12 posts tagged "Malcolm McLaren"
By now, you’ve no doubt already heard about—or even seen—the facsimile of CBGB’s bathroom that Andrew Bolton included in the opening gallery of the Met’s Punk: Chaos to Couture exhibition, which opens to the public on Thursday, following tonight’s red-carpet festivities. “CBGB was the heart of punk in New York,” said Bolton at a preview this morning. “Punk was all about shock and provocation, and so to start off an exhibition in the Metropolitan Museum of Art with a toilet—well, I thought was the ultimate punk statement,” the curator told Style.com.
The exhibition juxtaposes original (and contemporary) punk wares by Vivienne Westwood against luxury and haute couture looks from the likes of Dolce & Gabbana (who are featured in the Graffiti room, above), Maison Martin Margiela, Comme des Garçons, Dior Haute Couture by John Galliano, and Gianni Versace (yes, the 1994 safety-pin dress is on display). One might be hard-pressed to differentiate between Vivienne Westwood’s destroyed seventies sweaters and Rodarte’s Fall 2008 knit dress, which are on display side by side. The same gallery boasts Westwood and Malcolm McLaren’s lewd T-shirts (for instance, her famed “Tits” top hangs against a black PVC curtain). “I love that we start off with T-shirts with very obscene political and sexual slogans,” said Bolton. “They’re still shocking thirty-seven years later—in a way, more shocking, because of our political correctness.” Beyond the T-shirts lies a reproduction of McLaren and Westwood’s infamous—and iconic—shop, Seditionaries, which stood at 430 King’s Road. The remainder of the show was divided into DIY categories, like Hardware, Graffiti and Agitprop, Bricolage, and Destroy—and each room was punctuated by a film by Nick Knight.
“No other subcultural movement has a greater or more enduring influence on how we dress today,” Bolton noted in his opening remarks. Consider, as evidence, the fact that there is a slew of Fall 2013 looks in the show, from such houses as Viktor & Rolf, Saint Laurent, and Gareth Pugh—whose Fall 2013 trash-bag dresses are arranged into a veritable mob in the center of the Bricolage installation.
Bolton made sure to steer away from clichés—for instance, he noted that hairstylist Guido Paulo, who created the spiky Technicolor mops that topped each mannequin’s head, avoided Mohawks, and instead pulled inspiration from Richard Hell’s signature ’do.
“I wanted to present punk in a respectful, and even reverential, manner,” said Bolton. That’s already earning the show some mixed reviews. And of course, there are those who protest discussing punk in a high-fashion context—or, for that matter, paying couture prices for a punk-tinged look. “I think that’s completely punk,” said Bolton in response. “People seem to forget that punk really was a commercial movement. Malcolm McLaren and Vivienne Westwood, in a way, created what we know as the punk look. And they commodified it,” he explained.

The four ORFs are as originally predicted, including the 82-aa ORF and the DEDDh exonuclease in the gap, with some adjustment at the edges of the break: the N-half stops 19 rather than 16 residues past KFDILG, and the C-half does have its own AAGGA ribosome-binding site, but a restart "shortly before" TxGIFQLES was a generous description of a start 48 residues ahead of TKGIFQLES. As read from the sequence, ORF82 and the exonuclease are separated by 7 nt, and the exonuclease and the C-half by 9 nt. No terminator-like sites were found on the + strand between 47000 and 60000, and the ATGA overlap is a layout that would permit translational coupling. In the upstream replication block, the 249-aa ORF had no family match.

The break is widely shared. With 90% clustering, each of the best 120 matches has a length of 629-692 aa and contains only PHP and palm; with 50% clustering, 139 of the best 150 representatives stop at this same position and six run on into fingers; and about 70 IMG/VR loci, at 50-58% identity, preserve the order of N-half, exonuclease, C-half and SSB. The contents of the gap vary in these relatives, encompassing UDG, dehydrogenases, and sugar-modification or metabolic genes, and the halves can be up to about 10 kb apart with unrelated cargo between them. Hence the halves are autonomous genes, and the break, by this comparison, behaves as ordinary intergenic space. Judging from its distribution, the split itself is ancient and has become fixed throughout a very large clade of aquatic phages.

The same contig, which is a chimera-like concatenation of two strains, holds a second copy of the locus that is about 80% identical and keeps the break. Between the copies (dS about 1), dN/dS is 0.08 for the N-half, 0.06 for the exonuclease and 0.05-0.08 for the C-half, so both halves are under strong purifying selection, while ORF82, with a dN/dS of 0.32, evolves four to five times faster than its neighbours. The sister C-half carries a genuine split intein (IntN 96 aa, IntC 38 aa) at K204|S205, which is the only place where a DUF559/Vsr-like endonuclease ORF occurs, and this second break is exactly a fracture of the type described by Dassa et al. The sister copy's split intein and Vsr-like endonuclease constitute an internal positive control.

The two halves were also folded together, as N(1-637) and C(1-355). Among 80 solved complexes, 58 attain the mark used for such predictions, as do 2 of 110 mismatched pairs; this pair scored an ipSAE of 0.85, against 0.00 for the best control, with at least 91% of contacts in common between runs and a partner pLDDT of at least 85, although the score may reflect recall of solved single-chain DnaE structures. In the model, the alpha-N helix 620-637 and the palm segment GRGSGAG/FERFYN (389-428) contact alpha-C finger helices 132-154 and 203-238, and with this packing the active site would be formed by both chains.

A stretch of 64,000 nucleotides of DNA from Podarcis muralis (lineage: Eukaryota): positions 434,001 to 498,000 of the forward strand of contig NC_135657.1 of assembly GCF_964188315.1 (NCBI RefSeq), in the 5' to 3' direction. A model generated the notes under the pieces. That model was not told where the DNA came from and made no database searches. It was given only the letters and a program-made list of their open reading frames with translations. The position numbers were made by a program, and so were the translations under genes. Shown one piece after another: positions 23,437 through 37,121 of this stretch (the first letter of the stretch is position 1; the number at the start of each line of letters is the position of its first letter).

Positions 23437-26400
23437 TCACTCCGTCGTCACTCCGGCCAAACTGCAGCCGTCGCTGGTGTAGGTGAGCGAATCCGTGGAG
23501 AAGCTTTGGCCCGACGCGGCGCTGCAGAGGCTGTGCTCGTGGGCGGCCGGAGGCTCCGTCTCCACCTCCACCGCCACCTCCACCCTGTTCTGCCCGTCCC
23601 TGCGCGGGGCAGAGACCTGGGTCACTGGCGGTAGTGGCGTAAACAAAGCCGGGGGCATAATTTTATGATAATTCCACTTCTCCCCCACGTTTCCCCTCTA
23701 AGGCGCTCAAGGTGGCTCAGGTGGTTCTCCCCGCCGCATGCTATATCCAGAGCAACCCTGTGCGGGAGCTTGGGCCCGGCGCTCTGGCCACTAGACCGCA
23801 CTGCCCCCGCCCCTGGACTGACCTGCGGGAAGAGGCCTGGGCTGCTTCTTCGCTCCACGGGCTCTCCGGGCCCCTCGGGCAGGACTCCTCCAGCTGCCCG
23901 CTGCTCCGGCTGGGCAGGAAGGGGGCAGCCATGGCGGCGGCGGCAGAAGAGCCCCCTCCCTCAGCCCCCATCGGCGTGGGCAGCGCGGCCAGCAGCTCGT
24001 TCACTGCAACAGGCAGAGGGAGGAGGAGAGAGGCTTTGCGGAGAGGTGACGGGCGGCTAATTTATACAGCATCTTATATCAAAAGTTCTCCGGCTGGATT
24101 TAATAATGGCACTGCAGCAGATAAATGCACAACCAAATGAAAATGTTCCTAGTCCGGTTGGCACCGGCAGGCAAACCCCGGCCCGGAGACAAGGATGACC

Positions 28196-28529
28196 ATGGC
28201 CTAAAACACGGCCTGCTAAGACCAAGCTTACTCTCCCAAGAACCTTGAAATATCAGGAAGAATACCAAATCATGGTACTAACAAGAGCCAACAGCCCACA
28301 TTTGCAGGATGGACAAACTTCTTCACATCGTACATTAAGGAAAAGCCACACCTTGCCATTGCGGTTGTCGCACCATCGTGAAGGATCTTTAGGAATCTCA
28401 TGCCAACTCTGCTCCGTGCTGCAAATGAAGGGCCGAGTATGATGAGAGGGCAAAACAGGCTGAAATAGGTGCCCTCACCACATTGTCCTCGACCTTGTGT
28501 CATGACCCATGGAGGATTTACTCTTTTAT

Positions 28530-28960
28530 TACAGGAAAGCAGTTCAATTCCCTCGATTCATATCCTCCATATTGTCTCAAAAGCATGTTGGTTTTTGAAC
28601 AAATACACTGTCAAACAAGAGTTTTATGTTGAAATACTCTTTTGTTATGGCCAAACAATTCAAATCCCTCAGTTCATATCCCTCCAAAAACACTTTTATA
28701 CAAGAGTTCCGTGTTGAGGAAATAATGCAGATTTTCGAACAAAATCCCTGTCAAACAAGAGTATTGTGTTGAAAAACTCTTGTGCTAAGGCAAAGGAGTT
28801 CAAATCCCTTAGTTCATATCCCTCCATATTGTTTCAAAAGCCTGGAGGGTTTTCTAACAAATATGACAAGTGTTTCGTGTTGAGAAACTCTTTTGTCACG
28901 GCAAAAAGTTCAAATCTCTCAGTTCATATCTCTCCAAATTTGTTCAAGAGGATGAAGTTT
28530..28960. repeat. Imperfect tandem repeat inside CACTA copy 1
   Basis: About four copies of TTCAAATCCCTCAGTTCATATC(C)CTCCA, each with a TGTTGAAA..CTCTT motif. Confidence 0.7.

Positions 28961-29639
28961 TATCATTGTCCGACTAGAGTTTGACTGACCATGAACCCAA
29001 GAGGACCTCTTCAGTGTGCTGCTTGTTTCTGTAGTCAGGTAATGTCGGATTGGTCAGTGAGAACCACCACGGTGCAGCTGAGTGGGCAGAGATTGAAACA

As for why consumers and designers, from Karl Lagerfeld to Met Ball host Riccardo Tisci of Givenchy, are still drawn to the seventies subculture, Bolton offers, “Punk endures today because it reflects our longing for a time when originality and creativity were celebrated, a time when fashion was provocative and confrontational. And, above all, a time when fashion championed the individual and self-expression.”
Punk: Chaos to Couture opens at the Metropolitan Museum of Art this Thursday, May 9.
The dandy: It’s a term we hear on loop, it seems, when it comes to horn-rim-wearing street-style stars and all things bespoke or buttoned-up. But the dandy has a far richer history than the current zeitgeist lets on; one that includes the likes of George “Beau” Brummell—an arbiter of men’s fashion in eighteenth-century England who was known for being “extremely neat”—King George IV, Oscar Wilde, and Andy Warhol (whose paint-splattered shoes are pictured below). On April 28, Providence’s RISD Museum of Art will celebrate the term with the opening of its summer exhibition, Artist/Rebel/Dandy: Men of Fashion.
“As we delved into the subject of the dandy in art, literature, and history on an intellectual level, we felt a strong need to focus on the tangible garments worn by dandies past and present,” said Kate Irvin, the museum’s curator of costume and textiles. The selection runs the full temporal gamut—with current provocateurs such as Thom Browne and Waris Ahluwalia featured alongside more archival names, like Stephen Tennant (above, left), Charles Baudelaire, Richard Merkin, and Malcolm McLaren.
As assistant curator Laurie Brewer details, dandyism is as diverse as it is distinct, and it’s not strictly limited to one bracket of dressing. “I am always smitten with the extraordinary feat of what a bespoke suit can be—but I also fully appreciate Rick Owens’ radical take on menswear—hard and romantic, masculine and feminine.” Owens is also featured in the exhibit, lending credence to the sartorial vastness encompassed by the term. Expanding on the subject, the curators concluded, “there may be boundaries and rules that one feels compelled to follow when dressing, but one must always recognize that they are elastic.” Alongside the exhibition comes the release of a corresponding illustrated book, which features essays by the likes of Thom Browne, Glenn O’Brien, and Style.com’s editor in chief, Dirk Standen.